Taming the The Great Stampede

Scott James Remnant described problems with a mixed milestone-and-date release process as it applies to Ubuntu GNU/Linux.

The specific problem is that each milestone represents a date by which you absolutely must finish your work lest you have to wait for the next milestone. In one sense, that's a feature of regular release cycles: if a feature isn't ready for the current release, it can wait until the next release. In practice, uncautious project management can turn this virtue into a vice in two ways:

  • If you get rewarded or punished based on meeting or missing calendar dates—not the appropriate level of release quality—you will prioritize calendar time over quality.
  • If the periodicity between releases is too great, you'll prioritize getting a project in the current release over waiting until the next release.

Choosing the right periodicity is more art than science. (Project management is art, not science.) Yet you can know the period length is inappropriate when the end of a period approaches and you suffer the great stampede of features suddenly becoming good enough to land the week or weekend or day before your cutoff date for features landing for the next Great Big Release.

You can see the evolution of this understanding in Parrot over the past couple of years. (It wasn't enough to save Parrot, but no technical policy can prevent active malice from untrustworthy committers.) Whereas Parrot promised to adhere to a six month cycle of publishing a deprecation or incompatible change notice before making the change or removal, that promise was simply untenable as waiting six months to make necessary changes left no one happy, least of all the end user implementors for whom the policy should have been most useful. That big stampede happened in Parrot as every six month cycle closed.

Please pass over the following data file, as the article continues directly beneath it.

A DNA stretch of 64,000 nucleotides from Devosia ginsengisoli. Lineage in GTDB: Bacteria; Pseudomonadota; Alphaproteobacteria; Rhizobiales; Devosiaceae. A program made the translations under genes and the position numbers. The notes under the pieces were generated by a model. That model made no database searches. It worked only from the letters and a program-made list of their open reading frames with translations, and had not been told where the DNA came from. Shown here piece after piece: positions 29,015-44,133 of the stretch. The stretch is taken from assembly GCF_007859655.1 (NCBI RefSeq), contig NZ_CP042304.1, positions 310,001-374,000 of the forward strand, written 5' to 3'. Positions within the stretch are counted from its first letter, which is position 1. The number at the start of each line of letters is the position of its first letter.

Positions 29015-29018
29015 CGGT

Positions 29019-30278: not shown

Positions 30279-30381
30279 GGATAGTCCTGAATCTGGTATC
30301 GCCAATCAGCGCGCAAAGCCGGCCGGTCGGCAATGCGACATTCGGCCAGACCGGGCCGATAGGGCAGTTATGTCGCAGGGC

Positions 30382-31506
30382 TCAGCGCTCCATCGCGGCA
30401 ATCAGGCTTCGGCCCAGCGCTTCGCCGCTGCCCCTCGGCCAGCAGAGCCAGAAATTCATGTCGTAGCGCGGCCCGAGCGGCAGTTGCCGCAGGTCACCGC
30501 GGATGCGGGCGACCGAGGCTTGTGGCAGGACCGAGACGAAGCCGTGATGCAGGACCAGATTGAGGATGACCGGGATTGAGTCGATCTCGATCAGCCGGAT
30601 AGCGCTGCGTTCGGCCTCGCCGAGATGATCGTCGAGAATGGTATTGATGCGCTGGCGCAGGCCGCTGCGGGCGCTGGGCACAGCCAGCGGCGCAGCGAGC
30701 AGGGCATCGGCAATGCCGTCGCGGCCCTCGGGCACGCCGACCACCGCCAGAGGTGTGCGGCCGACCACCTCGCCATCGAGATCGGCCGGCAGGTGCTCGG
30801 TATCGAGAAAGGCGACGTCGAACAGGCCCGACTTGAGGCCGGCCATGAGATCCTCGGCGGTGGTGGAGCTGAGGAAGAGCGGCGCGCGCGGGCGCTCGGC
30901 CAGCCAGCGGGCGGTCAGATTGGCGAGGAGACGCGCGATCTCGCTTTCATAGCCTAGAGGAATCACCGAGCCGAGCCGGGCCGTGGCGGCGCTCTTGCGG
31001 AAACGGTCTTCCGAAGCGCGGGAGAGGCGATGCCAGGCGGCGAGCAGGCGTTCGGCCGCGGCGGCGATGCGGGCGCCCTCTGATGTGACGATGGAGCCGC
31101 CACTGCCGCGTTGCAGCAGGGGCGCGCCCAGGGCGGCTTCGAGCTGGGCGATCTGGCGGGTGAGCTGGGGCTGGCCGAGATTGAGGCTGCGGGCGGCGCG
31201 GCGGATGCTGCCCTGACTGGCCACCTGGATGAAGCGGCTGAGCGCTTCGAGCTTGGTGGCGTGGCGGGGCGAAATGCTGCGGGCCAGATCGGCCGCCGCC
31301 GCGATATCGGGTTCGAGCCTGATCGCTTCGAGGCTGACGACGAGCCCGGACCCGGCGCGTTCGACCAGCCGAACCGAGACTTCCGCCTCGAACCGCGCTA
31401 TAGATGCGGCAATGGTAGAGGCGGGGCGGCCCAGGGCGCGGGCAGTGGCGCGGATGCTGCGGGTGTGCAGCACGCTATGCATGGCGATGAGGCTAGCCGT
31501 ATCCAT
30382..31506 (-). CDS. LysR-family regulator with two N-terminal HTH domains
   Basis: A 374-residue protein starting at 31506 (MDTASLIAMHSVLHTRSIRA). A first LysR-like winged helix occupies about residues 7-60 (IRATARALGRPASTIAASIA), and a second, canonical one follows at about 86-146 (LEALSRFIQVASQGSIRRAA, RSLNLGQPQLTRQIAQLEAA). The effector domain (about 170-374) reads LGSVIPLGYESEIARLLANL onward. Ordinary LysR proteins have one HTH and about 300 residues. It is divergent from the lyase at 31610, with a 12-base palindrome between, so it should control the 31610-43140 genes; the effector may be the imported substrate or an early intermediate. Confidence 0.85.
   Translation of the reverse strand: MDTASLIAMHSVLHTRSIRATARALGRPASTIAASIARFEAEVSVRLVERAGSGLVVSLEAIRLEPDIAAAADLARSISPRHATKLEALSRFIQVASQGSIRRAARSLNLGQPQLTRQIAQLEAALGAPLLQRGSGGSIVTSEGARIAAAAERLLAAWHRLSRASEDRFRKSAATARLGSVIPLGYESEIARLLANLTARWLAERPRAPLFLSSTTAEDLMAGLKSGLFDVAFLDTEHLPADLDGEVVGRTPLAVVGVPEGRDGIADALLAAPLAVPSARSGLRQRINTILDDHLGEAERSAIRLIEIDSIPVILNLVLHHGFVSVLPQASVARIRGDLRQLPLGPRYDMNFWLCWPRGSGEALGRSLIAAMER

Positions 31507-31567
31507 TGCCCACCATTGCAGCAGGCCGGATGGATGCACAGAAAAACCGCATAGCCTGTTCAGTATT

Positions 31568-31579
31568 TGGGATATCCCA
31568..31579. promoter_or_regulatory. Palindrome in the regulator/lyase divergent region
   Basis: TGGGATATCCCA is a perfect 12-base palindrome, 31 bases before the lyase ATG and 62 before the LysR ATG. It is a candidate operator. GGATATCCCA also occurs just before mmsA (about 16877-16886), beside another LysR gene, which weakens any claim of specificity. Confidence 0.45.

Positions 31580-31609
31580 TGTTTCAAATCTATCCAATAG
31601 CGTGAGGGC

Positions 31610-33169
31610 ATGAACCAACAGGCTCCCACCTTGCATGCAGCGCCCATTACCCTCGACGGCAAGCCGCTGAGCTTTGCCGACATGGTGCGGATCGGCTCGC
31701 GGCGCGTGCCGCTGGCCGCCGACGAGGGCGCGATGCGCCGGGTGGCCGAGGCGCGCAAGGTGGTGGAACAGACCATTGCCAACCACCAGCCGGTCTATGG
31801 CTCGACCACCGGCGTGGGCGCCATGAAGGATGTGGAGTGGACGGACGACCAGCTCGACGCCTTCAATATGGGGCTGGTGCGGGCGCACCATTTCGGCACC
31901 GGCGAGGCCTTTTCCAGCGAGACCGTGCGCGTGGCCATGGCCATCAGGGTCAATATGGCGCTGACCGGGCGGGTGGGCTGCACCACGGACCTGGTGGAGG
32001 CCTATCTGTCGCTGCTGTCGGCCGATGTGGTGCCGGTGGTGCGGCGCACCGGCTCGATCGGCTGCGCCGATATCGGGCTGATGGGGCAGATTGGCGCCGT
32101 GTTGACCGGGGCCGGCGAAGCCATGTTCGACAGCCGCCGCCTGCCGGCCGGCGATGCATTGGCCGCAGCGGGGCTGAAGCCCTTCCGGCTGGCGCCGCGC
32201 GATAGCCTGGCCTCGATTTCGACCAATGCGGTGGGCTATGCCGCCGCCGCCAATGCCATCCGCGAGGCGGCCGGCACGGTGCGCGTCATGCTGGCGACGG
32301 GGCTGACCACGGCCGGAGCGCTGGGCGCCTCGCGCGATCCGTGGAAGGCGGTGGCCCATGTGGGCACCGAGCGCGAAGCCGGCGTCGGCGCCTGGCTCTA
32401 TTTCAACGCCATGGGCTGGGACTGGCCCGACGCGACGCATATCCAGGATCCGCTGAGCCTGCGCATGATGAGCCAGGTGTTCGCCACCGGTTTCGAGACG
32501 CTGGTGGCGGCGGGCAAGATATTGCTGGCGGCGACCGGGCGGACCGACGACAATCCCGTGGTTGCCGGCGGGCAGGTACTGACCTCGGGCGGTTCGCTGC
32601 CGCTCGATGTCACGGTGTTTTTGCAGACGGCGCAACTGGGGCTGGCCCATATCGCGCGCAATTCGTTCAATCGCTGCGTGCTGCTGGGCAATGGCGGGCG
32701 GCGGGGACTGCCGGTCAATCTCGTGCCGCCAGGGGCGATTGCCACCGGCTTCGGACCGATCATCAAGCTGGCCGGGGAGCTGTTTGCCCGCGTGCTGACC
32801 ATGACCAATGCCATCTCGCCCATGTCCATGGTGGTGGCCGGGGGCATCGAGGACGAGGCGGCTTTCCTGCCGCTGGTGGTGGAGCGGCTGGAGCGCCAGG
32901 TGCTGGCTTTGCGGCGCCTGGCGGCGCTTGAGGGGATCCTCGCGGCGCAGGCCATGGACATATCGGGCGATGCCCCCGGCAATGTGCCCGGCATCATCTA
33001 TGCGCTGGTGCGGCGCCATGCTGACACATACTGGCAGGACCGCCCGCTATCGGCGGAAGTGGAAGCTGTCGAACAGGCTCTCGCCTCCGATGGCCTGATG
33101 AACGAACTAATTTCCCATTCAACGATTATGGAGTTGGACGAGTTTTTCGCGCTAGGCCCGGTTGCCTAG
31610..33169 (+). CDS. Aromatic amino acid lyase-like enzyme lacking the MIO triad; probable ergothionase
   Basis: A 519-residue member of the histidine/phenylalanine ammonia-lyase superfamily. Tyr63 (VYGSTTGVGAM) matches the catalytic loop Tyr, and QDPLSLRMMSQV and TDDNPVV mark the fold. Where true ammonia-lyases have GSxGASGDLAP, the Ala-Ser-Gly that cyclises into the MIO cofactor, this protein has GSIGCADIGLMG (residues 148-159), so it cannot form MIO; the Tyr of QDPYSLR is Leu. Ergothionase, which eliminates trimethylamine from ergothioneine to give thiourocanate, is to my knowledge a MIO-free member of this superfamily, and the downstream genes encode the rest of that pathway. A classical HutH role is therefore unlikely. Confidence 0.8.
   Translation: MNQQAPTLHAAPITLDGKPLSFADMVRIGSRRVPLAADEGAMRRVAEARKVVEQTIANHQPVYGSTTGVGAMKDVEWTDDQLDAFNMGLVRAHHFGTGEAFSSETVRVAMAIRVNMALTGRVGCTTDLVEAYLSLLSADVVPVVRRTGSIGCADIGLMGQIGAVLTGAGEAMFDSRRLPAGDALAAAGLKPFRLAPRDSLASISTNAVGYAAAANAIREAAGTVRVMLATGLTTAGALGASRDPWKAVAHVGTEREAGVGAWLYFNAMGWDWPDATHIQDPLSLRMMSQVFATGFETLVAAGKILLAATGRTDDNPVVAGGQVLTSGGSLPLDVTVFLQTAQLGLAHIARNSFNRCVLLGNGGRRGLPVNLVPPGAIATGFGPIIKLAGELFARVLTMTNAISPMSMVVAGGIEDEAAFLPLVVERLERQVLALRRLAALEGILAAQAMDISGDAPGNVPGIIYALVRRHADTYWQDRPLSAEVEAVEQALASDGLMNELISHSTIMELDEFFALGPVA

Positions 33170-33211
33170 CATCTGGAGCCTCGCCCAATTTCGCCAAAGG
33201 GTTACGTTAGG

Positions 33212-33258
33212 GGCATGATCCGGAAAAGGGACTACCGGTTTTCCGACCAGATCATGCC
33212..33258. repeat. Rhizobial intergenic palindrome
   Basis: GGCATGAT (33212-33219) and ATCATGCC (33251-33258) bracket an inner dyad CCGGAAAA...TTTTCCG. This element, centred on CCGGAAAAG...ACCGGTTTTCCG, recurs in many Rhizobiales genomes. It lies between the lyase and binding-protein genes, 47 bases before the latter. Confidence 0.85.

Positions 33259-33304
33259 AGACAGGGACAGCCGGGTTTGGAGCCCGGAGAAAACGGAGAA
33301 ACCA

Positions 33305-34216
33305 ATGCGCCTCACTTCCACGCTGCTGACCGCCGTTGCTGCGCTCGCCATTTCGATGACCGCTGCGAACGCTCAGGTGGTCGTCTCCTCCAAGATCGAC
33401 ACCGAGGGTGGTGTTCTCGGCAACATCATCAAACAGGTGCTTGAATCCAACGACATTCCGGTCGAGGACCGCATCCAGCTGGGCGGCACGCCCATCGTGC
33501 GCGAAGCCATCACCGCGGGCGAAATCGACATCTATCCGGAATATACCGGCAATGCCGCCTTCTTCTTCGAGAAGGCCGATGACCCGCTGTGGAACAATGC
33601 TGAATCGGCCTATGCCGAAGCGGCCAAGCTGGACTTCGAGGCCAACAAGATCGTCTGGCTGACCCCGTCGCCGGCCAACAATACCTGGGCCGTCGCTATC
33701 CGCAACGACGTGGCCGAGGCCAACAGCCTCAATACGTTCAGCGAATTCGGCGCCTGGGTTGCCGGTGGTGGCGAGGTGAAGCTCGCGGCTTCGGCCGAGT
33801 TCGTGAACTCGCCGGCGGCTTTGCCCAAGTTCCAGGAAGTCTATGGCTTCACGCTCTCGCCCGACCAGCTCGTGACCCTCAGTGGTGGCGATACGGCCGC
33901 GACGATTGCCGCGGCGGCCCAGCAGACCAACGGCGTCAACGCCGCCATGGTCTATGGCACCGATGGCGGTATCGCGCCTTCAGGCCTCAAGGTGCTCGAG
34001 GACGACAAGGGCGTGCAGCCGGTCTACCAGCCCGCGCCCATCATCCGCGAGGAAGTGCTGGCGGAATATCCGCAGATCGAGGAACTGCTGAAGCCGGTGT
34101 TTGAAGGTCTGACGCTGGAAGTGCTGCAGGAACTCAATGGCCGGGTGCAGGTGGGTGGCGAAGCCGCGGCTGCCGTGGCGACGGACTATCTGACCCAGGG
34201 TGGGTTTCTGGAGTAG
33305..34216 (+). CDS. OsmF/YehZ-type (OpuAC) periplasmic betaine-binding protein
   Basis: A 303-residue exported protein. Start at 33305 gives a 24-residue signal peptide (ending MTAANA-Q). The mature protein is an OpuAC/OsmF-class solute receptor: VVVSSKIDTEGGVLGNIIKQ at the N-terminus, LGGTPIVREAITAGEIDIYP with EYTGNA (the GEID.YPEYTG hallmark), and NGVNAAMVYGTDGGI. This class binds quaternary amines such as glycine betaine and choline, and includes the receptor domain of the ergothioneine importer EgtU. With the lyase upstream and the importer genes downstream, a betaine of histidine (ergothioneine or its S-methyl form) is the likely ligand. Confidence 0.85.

When Parrot switched to a three month period, the big stampede still happened.

When I'm fortunate enough to work within a dedicated team of full-time developers using an agile approach, an iteration period of a week or two often seems to work the best. Anything longer than that still has stampedes, but delaying a branch merge by a week or so to get another day or two of polish isn't a big deal. Delaying a branch merge by a month or so pushes the edge of what's acceptable.

Granted, releasing stable and useful software still requires a lot of discipline from project management and developers. Slashdot comment screeching to the contrary, shorter release cycles don't have to mean that Unity-style big bang UI changes will land every month. (I suspect that Unity could have used another few months of development and testing and integration, if not another six month cycle). It's also often a simple matter of programming to release a feature present but disabled by default so as to get more testing on deployment and integration without forcing users to siwtch yet.

Yet the most important matter of discipline is unambiguous and ubiquitous project status information such as the reports from automated test suites, memory leak checkers, branch status reports, bug reports, and anything else that can measure the quality of the iteration's eventual release.

Certainly this requires a substantial investment on the part of projects to build and maintain this infrastructure, but it's the only reliable and repeatable way I know to produce great software. (If you've noticed that Perl's monthly bleadperl releases are rather boring, that's the point! Most of the excitement takes place at project boundaries such as the interactions with CPAN modules.)

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This page contains a single entry by chromatic published on September 9, 2011 9:46 AM.

The Right to be Wrong was the previous entry in this blog.

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